Vollhardt  Capítulo 8 (Álcoois)
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Vollhardt Capítulo 8 (Álcoois)


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 C h a p t e r 8 307
Br
LiAlH4, (CH3CH2)2O
\ufffdLiBr
CH3(CH2)7CH2 CH3(CH2)7CH2
Nonane1-Bromononane
O HO
Another useful application of metallation \u2013 hydrolysis is the introduction of hydrogen 
isotopes, such as deuterium, into a molecule by exposure of the organometallic compound 
to labeled water (see margin). (CH3)3CCl (CH3)3CD
Introduction of Deuterium by
Reaction of an Organometallic
Reagent with D2O
1. Mg
2. D2O
Note: You may have noticed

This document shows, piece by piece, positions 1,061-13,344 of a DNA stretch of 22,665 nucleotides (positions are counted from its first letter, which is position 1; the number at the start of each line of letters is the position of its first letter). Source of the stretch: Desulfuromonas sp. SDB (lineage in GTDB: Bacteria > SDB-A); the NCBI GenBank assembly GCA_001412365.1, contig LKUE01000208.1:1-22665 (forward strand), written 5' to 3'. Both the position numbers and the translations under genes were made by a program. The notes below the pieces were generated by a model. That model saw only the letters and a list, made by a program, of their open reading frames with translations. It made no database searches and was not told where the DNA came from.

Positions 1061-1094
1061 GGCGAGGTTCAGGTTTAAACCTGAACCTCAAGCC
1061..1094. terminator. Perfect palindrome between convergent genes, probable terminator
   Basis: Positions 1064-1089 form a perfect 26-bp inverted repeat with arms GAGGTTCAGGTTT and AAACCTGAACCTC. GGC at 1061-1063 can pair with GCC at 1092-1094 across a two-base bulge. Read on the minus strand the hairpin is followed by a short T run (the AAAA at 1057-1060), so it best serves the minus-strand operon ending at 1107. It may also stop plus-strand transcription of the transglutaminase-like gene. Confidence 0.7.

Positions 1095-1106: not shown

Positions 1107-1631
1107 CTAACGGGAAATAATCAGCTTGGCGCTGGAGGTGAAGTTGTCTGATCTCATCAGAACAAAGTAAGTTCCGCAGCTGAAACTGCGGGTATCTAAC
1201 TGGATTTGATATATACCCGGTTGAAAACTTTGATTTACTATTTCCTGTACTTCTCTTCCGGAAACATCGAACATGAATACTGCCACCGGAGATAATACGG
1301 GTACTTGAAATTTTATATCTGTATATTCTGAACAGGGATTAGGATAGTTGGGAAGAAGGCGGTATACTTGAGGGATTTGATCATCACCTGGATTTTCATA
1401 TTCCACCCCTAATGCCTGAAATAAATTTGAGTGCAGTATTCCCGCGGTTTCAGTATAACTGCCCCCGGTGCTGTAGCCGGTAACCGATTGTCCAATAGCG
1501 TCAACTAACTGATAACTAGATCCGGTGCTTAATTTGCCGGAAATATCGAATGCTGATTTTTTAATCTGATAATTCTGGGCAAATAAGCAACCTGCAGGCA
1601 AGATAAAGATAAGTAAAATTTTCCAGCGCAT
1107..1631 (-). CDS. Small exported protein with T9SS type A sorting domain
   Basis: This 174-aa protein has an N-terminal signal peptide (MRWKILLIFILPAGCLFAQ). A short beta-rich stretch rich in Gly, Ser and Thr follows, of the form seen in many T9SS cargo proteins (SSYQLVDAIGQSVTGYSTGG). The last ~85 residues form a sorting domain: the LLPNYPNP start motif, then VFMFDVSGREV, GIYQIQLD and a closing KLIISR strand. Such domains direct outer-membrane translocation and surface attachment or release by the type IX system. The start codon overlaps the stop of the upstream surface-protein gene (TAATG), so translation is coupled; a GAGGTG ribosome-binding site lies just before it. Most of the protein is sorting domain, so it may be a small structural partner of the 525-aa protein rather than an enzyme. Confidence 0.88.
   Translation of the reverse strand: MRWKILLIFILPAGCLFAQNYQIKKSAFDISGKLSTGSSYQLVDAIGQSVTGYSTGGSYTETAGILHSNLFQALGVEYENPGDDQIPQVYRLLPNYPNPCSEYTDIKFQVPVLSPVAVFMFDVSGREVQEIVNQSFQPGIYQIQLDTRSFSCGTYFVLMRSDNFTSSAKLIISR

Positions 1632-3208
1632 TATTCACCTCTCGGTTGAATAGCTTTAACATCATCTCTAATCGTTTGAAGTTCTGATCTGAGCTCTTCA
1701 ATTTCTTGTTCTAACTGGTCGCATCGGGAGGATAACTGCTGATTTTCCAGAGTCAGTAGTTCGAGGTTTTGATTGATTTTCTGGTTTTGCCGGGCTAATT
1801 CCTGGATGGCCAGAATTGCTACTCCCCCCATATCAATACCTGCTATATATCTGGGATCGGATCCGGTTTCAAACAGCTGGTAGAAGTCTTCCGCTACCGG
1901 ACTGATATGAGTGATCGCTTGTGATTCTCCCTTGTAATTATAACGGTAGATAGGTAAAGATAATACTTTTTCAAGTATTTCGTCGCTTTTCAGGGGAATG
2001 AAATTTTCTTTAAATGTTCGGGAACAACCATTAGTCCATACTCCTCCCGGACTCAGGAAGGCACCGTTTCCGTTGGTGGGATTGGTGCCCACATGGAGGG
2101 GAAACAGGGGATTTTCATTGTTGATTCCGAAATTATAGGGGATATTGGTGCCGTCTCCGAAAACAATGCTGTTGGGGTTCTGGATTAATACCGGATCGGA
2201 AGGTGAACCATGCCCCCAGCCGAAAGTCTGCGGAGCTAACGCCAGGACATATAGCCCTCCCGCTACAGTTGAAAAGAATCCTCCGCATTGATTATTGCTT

that we are beginning to 
apply our knowledge of 
organic chemistry to more 
complex problems. This 
process is not unlike learning 
a language: Each reaction 
may be viewed as part of the 
vocabulary, and now we are 
learning to form sentences. 
The \u201csentence\u201d to be written 
here leads from cyclohexane 
to singly deuterated 
cyclohexane. We shall see 
in Section 8-9 that for our 
sentence to make sense, it is 
easiest to work backward 
from the product.
In Summary Haloalkanes can be converted into organometallic compounds of lithium or 
magnesium (Grignard reagents) by reaction with the respective metals in ether solvents. In 
these compounds, the alkyl group is negatively polarized, a charge distribution opposite that 
found in the haloalkane. Although the alkyl \u2013 metal bond is to a large extent covalent, the 
carbon attached to the metal behaves as a strongly basic carbanion, exemplifi ed by its ready 
protonation.
8-8 Organometallic Reagents in the Synthesis of Alcohols